In the latest installment of our series on the highest-mileage Tesla Model X (and one of the highest mileage EVs in the world, we look into how a Model X with over 400,000 miles racked up $29,000 in repair and maintenance and why that’s good.

Electrek, By Fred Lambert

© Electrek | Tesla Model X with extreme mileage racked up $29,000 in repair/maintenance and that’s good

With over 400,000 miles (650,000 km), It’s one of the highest-mileage electric vehicles in the world and serves as a great case study for the longevity of electric cars, in general, and Tesla vehicles in particular.

It’s why we are posting a series of articles and videos about the vehicle and this episode is about the repair and maintenance history of the Model X.

High-Mileage Tesla Model X Repair and Maintenance History

The reason why this 2016 Model X already has over 400,000 miles on the odometer is that it was owned by Tesloop who used it to transport customers between Los Angeles and San Diego for years.
Sponsor: “Thanks to United Chargers for sponsoring this episode of the Electrek High-Mileage EV series. United Chargers has for mission to accelerate EV adoption by making charging affordable to everyone and that’s why their Grizzl-E charger starts at just $399. While the price is inexpensive, the charger is not cheap. It is made in Canada and features a sturdy aluminum casing that is rated NEMA 4 air and water tight. It can be installed on any breaker from 20 to 50-amp and comes with a choice premium cable for cold climates. It works great with electric car, but it’s especially works great with Tesla vehicles since it can take advantage of the 10 kW level 2 charging capability in Tesla cars. For that price, I don’t know of a better deal. It even comes with United Chargers’ Easy Plug, which holds your connector and acts as a cable management system. Visit the Grizzl-E website and start charging faster without breaking the bank with a Grizzl-E home charging station. You can also find their products on Amazon.”
$29,000 in repairs sounds like a lot, especially in less than 4 years, but it’s actually quite good when you keep in mind that it has over 400,000 miles, which is more mileage than the average car over its total lifetime.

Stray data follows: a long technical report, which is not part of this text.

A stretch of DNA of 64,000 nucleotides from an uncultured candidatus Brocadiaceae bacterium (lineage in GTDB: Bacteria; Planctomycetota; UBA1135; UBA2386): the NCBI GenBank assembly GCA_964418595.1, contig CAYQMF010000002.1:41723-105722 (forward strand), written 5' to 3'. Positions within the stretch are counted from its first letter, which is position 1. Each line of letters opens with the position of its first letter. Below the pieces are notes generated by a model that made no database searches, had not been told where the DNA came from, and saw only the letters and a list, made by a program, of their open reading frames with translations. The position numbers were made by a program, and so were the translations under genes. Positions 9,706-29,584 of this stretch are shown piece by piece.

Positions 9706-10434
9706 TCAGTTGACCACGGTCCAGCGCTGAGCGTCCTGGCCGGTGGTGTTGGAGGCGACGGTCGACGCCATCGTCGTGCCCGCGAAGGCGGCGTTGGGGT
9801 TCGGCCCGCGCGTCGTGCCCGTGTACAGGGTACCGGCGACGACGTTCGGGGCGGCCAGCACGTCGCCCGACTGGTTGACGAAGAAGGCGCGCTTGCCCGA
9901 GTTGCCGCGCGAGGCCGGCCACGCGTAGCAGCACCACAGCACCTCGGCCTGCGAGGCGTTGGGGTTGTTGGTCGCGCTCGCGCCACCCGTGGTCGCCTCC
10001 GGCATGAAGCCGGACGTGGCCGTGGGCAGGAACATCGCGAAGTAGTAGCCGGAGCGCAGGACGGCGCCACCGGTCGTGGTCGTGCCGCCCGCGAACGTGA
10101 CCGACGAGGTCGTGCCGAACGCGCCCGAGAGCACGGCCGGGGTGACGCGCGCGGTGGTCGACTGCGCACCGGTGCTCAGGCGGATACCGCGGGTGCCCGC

Most cars would take 20 years or more to reach that kind of mileage if they even can, and that would add up to just $1,450 per year in repair and maintenance.

Now it looks even better when we get into the details and see that about $9,000 of the total was used to replace tires.

Tesloop didn’t often change all the tires at once, which makes it harder to get a clear look at how long the tires lasted, but the Tesla Model X ended going through 42 tires over the 400,000 miles.

That adds up to just over 10 full cycles of tires or one set every 40,000 miles, which is not great, but it’s not bad either. Some people will get more than that and others less depending on how nice you are to your tires.

Now let’s move to the big tickets items that contributed to the $29,000 – starting with the one that worries me the most: the middle row seats.

Back in 2018, after more than 200,000 miles on the vehicle, the middle row seats started malfunctioning and they were replaced at a cost of $5,375.90.

Aesthetically speaking, Tesla did a beautiful job with the second-row seats in the Model X configured for 6 people. The T-shaped stands are quite stunning, but the mechanism to move them back and forth as well as tilt them to create more room in the back has proven to be problematic.

They had to be replaced at just over 230,000 miles, but they are working fine now. With that kind of cost to replace them, I am a little worried about them breaking again. I’ll keep you posted.

The second biggest item is a $3,389.83 charge for “MCU (Touchscreen) Replacement and Chargeport Door replacement.” It happened somewhat recently mileage-wise at 373,000 miles around this time last year.

It had an error and the screen went blank. I am not too worried about that since Tesla has started offering MCU upgrades and even though it has limited benefits for AP1 vehicles, it could be a good solution for this vehicle in the future, especially if they can also fix the yellow lines on the sides, which have come back on this unit.

Electrek’s Take

We are talking about big numbers here, but they all need to be put in the perspective of the vehicle having over 400,000 miles on the odometer.

Overall, $29,000 is nothing over 400,000 miles for a $100,000 vehicle.

Most vehicles don’t get to that kind of mileage in the first place so it’s hard to get a good comparison, but I’ve heard of BMW and Mercedes-Benz owners getting similar tallies over half the mileage.

Also, Model X is probably not the best example of electric vehicles when it comes to repairs. It has been described as the Fabergé egg of cars. There are a lot of complex components that can cost more to repair.

But overall, I think it bodes well for high-mileage Tesla vehicles when it comes to repair and maintenance. You just need to be ready to buy some rubber.

Even things like the 12-volt battery, which has been a problem with Tesla vehicles in the past, have performed decently well on this Model X. It had to be replaced three times over the lifetime of the car, which is nothing to worry about at 400,000 miles.

This article was originally published by Electrek.
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